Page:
- New Jersey, Ogdensburg Public School
- Pennsylvania, Norristown, East Norriton Middle School
Touchdown. The STS-114 flight of 13 days 21 hours 32 minutes 48 seconds ended safely with touchdown on runway 22 at the shuttle landing facility at Edwards Air Force Base, California, on August 9, 2005, at 8:11:22 a.m. EDT (1211 GMT UTC).
The landing took place at Edwards after bad weather led NASA to scrub Discovery's landing in Florida on August 8 and 9. It was the 50th shuttle landing at Edwards.
A 78-person convoy team and a 174-person turnaround team from Kennedy Space Center (KSC) flew to Edwards to disembark and process the crew, and prepare a large aircraft to ferry the shuttle back to KSC.
Discovery underwent maintenance inside a steel structure on Edwards Air Force Base, which is two hours north of Los Angeles. Ground crews purged the shuttle of hazardous substances, removed fuel from the on-board tanks and attached a 10,000-lb. aluminum tail cone to eliminate drag during flight.
Back to Florida. More than a week after being diverted to the backup landing site in the Mojave Desert, Discovery left Edwards Air Force Base on August 19, flying piggyback atop a jumbo jet on a 2,232-mile trip to Cape Canaveral, Florida.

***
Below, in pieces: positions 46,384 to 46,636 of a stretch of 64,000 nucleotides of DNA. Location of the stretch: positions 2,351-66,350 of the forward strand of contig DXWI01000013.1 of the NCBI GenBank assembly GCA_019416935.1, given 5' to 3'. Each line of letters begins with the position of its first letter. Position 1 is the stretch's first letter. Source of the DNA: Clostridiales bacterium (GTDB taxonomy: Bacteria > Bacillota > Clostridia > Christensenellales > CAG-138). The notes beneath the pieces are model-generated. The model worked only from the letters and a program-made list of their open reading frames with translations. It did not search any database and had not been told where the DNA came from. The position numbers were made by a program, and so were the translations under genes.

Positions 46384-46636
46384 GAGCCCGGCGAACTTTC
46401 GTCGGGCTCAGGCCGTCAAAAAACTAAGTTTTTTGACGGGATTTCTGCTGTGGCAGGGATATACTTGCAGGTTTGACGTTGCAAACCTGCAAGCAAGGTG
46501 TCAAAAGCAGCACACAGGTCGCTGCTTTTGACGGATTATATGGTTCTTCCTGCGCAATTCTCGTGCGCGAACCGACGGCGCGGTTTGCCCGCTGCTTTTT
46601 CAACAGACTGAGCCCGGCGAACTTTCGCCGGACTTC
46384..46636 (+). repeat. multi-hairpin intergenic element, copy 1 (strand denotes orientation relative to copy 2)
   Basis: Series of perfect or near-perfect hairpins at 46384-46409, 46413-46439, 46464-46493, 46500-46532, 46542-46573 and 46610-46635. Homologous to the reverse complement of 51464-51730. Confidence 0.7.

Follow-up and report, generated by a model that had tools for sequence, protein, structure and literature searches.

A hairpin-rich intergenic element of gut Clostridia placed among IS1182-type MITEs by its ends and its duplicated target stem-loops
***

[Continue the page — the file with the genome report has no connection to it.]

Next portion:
The modified Boeing 747 jetliner arrived in Oklahoma three hours later. The plane refueled there, then flew to Barksdale Air Force Base in Louisiana. It reached Florida on August 20.
Along the route to Florida, an Air Force KC-135 aircraft flew ahead of the shuttle to monitor weather along the route.
Meanwhile, the external fuel tanks used on flight STS-114 recovered from the ocean off of the Kennedy Space Center in Florida were to be shipped to the Michoud Assembly Facility in Louisiana for tests and possible modifications. It's not clear how Hurricane Katrina in August 2005 may have affected that schedule.